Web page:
10-Year Treasury Yields Since 1980
The Big Test Comes Soon

As I said, there are some near-term support levels for the market, including 4% and that 4.14%. But we are also in a period that is very challenging for market bulls anyway. In 18 of the last 29 years, 10-year yields have risen in the 30 days following April 2nd, by an average of 14bps (the average includes the rallies as well as the selloffs. The average move, conditional on the fact that there was a selloff that year, was 32bps). See Chart below.

10-Year Yield Deviation from Annual Average bps
Tailwind To The Bearish Case

What is the driver, if it isn't that there really are "green shoots"? Well, additional Treasury supply doesn't hurt. But, while the recent plunge in the growth rate of money and credit numbers (see Chart below, source Bloomberg) may be good for inflation expectations in the long run...with a whole lot of caveats to that, by the way, which will make for a column another day...they are not very supportive of asset markets. Money's gotta come from somewhere to buy assets.

Consumer Credit 12-Month Percent Change, and M2 12-Month Percent Change
If Assets Are Going Up, Where Will The Money Come From?

As noted above, I am out next week on vacation, and I will not be posting commentaries from the beach. I'll return with something fresh to say. Maybe.

 


 

Michael Ashton

Author: Michael Ashton

Michael Ashton, CFA
E-Piphany

Michael Ashton

Michael Ashton is Managing Principal at Enduring Investments LLC, a specialty consulting and investment management boutique that offers focused inflation-market expertise. He may be contacted through that site. He is on Twitter at @inflation_guy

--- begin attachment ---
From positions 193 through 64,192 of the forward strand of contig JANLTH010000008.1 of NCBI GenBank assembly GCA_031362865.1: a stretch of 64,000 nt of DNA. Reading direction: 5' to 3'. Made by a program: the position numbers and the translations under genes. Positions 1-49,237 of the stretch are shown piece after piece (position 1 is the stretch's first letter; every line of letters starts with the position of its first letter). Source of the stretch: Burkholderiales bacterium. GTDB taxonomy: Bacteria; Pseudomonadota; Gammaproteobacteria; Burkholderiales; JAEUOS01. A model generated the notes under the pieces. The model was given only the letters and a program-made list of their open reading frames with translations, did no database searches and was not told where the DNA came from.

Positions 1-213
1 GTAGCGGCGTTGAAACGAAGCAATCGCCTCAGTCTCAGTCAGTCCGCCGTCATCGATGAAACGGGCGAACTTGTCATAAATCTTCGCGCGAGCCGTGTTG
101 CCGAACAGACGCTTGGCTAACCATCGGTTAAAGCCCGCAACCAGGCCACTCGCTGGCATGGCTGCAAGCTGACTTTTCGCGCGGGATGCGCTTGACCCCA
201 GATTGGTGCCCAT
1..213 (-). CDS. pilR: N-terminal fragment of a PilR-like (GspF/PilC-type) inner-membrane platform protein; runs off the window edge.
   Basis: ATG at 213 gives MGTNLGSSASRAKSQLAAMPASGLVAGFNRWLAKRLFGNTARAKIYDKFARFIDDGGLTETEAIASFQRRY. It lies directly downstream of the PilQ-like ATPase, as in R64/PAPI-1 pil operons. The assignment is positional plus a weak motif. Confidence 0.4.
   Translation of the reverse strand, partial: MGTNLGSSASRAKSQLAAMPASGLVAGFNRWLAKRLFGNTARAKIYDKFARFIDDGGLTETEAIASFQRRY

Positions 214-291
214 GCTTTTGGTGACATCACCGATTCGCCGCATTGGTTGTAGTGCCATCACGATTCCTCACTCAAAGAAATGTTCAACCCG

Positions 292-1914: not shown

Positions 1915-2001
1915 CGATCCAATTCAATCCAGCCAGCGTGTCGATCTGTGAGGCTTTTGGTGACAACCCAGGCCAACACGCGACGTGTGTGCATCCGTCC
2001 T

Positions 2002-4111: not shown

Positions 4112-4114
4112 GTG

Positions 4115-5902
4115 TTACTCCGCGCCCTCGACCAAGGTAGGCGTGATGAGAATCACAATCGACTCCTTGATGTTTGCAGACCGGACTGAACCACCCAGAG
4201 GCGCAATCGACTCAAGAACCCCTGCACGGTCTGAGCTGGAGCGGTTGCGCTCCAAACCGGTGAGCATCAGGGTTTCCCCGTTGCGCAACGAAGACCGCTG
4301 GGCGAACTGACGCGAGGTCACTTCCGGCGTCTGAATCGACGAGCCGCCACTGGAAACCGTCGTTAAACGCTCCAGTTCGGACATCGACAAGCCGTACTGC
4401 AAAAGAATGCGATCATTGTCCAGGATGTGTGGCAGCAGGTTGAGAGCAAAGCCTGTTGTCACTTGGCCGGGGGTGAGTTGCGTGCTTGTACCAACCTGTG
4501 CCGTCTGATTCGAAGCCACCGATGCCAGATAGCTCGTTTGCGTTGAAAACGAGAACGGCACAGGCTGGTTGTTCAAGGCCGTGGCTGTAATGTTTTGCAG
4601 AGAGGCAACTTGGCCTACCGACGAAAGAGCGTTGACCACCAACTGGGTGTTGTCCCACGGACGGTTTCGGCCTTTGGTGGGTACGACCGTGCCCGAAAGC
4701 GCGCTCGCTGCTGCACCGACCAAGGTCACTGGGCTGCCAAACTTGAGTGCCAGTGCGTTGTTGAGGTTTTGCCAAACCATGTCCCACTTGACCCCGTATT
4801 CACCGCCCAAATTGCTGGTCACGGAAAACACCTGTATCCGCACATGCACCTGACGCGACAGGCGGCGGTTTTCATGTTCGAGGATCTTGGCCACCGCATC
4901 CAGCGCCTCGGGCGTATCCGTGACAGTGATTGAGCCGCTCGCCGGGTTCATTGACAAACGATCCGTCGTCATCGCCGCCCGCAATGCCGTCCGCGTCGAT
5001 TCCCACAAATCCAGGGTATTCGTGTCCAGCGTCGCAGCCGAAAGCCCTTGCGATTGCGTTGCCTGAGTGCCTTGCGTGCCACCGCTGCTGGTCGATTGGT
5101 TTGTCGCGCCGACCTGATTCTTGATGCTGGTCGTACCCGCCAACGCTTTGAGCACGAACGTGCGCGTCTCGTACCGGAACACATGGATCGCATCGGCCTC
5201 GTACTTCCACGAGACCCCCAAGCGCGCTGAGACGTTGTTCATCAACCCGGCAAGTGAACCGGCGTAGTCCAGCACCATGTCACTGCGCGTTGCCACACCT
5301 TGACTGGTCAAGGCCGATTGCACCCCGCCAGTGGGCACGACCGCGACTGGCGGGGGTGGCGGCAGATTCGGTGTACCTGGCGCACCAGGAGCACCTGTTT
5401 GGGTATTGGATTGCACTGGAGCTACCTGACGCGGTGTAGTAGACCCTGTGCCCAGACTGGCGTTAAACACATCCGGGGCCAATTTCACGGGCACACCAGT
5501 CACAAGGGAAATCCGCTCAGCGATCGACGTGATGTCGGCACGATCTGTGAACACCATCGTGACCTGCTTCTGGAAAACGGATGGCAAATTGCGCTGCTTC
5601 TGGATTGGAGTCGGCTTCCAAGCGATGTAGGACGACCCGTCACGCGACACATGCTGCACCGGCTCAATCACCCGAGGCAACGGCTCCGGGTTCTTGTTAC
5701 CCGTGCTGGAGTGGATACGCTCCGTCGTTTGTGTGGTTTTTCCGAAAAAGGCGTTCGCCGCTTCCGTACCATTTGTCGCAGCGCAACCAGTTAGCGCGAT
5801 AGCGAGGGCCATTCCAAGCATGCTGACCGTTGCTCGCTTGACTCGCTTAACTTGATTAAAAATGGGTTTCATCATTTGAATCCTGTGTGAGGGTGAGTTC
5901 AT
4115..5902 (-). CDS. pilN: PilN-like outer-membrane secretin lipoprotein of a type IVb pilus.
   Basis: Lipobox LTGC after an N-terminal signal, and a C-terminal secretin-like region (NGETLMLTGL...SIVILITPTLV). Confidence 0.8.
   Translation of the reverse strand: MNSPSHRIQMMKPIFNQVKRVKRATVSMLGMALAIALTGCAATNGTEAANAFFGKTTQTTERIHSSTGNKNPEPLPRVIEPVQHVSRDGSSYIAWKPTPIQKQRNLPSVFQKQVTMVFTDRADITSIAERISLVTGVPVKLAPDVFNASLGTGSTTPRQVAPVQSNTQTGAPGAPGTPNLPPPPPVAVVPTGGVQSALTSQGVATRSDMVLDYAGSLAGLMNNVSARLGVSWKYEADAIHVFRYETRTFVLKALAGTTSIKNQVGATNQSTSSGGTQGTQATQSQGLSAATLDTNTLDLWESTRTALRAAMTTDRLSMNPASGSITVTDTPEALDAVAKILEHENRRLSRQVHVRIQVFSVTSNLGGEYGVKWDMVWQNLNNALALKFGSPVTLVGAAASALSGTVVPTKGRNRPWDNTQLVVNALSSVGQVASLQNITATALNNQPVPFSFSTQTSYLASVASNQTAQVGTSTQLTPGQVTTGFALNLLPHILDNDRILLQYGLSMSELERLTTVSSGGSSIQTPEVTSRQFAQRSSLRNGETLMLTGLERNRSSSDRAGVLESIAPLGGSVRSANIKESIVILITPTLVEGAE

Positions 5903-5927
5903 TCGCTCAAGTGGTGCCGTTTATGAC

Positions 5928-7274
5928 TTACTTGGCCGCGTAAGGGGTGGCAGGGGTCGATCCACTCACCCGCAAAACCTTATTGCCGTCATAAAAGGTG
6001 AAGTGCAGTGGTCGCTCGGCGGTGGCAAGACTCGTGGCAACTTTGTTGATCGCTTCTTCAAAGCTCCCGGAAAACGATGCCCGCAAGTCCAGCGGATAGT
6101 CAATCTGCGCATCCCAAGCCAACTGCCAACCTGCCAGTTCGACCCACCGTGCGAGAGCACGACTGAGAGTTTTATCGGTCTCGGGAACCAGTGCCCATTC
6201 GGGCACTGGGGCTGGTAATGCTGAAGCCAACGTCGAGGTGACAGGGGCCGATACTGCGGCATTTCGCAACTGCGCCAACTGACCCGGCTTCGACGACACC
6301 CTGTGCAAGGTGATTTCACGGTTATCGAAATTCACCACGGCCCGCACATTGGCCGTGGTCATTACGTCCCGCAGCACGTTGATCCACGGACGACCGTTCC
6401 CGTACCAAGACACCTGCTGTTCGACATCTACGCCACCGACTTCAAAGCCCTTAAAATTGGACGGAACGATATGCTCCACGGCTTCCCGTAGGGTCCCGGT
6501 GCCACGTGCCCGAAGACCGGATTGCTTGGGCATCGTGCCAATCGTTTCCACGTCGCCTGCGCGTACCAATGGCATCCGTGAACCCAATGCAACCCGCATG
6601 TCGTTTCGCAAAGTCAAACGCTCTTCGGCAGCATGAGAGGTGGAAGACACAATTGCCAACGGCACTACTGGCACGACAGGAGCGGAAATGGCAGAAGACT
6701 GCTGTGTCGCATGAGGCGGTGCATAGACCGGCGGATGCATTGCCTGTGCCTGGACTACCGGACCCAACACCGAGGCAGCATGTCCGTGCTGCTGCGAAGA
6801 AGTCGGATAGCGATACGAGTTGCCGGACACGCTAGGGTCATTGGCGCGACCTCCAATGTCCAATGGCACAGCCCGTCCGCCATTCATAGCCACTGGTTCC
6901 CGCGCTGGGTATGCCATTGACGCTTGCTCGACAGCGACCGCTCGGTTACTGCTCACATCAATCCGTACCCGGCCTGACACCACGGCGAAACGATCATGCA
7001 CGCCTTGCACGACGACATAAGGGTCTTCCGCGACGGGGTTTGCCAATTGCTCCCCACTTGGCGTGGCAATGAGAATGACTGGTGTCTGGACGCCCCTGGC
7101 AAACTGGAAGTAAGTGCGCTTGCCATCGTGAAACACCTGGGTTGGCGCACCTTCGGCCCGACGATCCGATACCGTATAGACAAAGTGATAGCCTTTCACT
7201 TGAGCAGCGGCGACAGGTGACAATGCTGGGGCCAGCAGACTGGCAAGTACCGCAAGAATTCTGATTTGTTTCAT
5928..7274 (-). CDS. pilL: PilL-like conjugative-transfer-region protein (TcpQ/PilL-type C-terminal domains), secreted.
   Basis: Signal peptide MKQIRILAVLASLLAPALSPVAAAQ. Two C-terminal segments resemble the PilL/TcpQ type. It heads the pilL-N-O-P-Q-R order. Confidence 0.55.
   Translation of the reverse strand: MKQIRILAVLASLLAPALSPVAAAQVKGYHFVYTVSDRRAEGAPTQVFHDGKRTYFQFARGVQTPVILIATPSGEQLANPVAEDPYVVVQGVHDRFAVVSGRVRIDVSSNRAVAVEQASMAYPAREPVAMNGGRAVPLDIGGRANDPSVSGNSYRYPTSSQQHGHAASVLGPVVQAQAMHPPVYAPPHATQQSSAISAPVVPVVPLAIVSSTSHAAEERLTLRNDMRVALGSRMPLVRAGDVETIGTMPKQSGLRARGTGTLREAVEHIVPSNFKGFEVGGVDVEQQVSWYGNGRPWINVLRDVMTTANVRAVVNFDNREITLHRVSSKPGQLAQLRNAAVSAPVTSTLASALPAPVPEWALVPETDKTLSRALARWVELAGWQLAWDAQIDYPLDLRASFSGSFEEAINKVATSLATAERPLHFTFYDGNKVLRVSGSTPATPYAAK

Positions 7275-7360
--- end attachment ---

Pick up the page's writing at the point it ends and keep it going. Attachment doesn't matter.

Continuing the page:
Prior to founding Enduring Investments, Mr. Ashton worked as a trader, strategist, and salesman during a 20-year Wall Street career that included tours of duty at Deutsche Bank, Bankers Trust, Barclays Capital, and J.P. Morgan.

Since 2003 he has played an integral role in developing the U.S. inflation derivatives markets and is widely viewed as a premier subject matter expert on inflation products and inflation trading. While at Barclays, he traded the first interbank U.S. CPI swaps. He was primarily responsible for the creation of the CPI Futures contract that the Chicago Mercantile Exchange listed in February 2004 and was the lead market maker for that contract. Mr. Ashton has written extensively about the use of inflation-indexed products for hedging real exposures, including papers and book chapters on "Inflation and Commodities," "The Real-Feel Inflation Rate," "Hedging Post-Retirement Medical Liabilities," and "Liability-Driven Investment For Individuals." He frequently speaks in front of professional and retail audiences, both large and small. He runs the Inflation-Indexed Investing Association.

For many years, Mr. Ashton has written frequent market commentary, sometimes for client distribution and more recently for wider public dissemination. Mr. Ashton received a Bachelor of Arts degree in Economics from Trinity University in 1990 and was awarded his CFA charter in 2001.